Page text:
After heading the organization for over thirty years, with the war over and adoption of the fifteenth amendment, Coffin resigned and the organization no longer needed, simply faded away. Levi turned his attention to the "Western Freedmen's Aid Society", which helped educate and provide basic living needs for former slaves.
Coffin was the main fund raiser and journeyed to Europe on successful money raising trips in one year alone, he raised over $100,000 dollars.
He died in Avondale, Ohio of a heart attack as he neared 80 years of age and was buried beside his wife in historic Spring Grove Cemetery in Cincinnati. Crowds of colored people came to his Quaker funeral to say farewell. All of the slaves he and his wife aided reached freedom.
Quaker graves are usually unmarked. The Coffin marker is a monument six feet high. Ex-slaves received permission to erect this marker and raised the money. The inscription, "Aiding thousands to gain freedom, a tribute from the colored people of Cincinnati".
The Coffin house located in Fountain City, Indiana, is today owned by the State of Indiana. The house was restored and is now open to the public and has the designation as a National Historic Landmark. The home's fireplaces, floors, doors, and most of the woodwork are original. The furnishings all predate 1847 and as nearly close as possible when it was the residence of the Coffins. The residence has many unusual hiding places where slaves were able to hide and avoid detection until they could be transported to one of the free states. The house contains an unusual indoor well which concealed the vast amount of water necessary to sustain the many extra guests. A vast amount of items pertaining to slavery are housed here.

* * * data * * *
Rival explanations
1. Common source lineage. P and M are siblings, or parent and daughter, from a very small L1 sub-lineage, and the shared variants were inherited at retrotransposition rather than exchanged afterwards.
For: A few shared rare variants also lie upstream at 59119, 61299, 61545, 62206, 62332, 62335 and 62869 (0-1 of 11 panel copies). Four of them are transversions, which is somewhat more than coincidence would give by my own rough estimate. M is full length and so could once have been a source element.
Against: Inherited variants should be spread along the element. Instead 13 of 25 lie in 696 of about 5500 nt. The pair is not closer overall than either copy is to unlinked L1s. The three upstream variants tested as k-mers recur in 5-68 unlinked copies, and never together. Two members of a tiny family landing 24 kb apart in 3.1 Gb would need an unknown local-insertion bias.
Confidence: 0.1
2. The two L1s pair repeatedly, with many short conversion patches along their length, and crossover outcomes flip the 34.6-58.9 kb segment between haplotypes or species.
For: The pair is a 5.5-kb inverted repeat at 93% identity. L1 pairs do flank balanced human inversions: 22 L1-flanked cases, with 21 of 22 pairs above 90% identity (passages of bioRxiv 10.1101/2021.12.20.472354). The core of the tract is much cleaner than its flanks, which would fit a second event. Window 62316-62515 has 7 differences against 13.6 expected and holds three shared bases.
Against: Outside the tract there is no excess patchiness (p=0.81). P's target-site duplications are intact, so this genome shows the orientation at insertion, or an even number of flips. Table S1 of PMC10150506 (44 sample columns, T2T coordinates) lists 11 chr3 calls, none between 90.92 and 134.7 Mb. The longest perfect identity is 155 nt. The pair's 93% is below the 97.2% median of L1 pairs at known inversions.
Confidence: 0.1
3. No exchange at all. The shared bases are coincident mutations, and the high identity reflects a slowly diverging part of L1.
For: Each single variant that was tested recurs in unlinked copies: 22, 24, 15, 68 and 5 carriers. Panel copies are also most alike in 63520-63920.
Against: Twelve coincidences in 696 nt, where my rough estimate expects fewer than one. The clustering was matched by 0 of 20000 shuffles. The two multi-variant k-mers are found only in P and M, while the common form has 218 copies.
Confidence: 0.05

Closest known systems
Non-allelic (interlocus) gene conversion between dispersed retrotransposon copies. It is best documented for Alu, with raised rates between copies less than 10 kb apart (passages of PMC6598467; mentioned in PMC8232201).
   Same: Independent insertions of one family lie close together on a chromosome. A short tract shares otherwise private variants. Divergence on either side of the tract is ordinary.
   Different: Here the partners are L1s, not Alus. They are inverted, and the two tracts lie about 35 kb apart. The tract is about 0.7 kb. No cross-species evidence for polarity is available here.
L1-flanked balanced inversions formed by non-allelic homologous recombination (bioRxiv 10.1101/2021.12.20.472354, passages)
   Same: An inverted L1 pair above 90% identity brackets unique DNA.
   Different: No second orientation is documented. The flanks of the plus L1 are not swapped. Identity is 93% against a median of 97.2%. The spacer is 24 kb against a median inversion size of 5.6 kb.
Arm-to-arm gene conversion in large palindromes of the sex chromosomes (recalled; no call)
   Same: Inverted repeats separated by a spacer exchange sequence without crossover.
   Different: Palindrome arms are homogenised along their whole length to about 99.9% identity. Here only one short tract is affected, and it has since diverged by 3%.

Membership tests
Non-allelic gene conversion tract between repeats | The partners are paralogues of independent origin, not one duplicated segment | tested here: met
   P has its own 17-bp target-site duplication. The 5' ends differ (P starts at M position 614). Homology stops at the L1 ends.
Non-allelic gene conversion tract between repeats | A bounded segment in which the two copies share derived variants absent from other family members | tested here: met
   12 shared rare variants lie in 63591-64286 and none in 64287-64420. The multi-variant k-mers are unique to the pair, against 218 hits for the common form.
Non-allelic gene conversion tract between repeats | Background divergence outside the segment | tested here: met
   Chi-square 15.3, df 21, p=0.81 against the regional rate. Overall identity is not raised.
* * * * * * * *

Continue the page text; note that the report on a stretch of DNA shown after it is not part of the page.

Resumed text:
Quakers in Indiana:
Doctrinal issues divided the Society of Friends worldwide throughout the nineteenth century. Indiana did not escape the friction. The first split came in 1827, when the followers of New York Friend Elias Hicks split from the Society. When he appeared in Indiana for the 1828 Yearly Meeting, Hicks was not received by the orthodox Friends. Hoosier Hicksites then split from the Yearly Meeting. After the Civil War another doctrinal fissure opened in the ranks of the Society. Both the Western and Indiana Meetings were shaken by revivalism and holiness movements that were to last through the century. (Rudolph:207-216) (See Hamm: Chapter 4 The Separations)
It was slavery and abolition that caused great tension and a split amongst the Friends of the 1840’s and 50’s. Quakers were well-established in Indiana politics by the 1840’s. They were officeholders and state legislators, usually members of the Whig party and solidly anti-slavery. Indiana’s first anti-slavery newspaper, the "Protectionist", was published by a New England Quaker in a room over Levi Coffin’s store in Newport. Another journal published in Newport was the "Free Labor Advocate". This was the journal of the Free Labor Movement which advocated discontinuing the use of, or purchase of, any goods or foodstuffs made or raised with the use of slave labor. This cause was championed by Abolitionist leader Levi Coffin and Free Labor stores where opened by several Quakers in the Whitewater Valley. Abolitionist Friends wrote for both of the journals to the great dismay of more moderate Hoosier Quakers. They also founded, and joined, abolitionist societies. This, most moderate and conservative Friends felt, was against the Quaker notion of appropriate quiet and retiring demeanor. Membership in Abolition Societies brought far too much notoriety to such members and disrupted the notion of unity, so valued by Friends.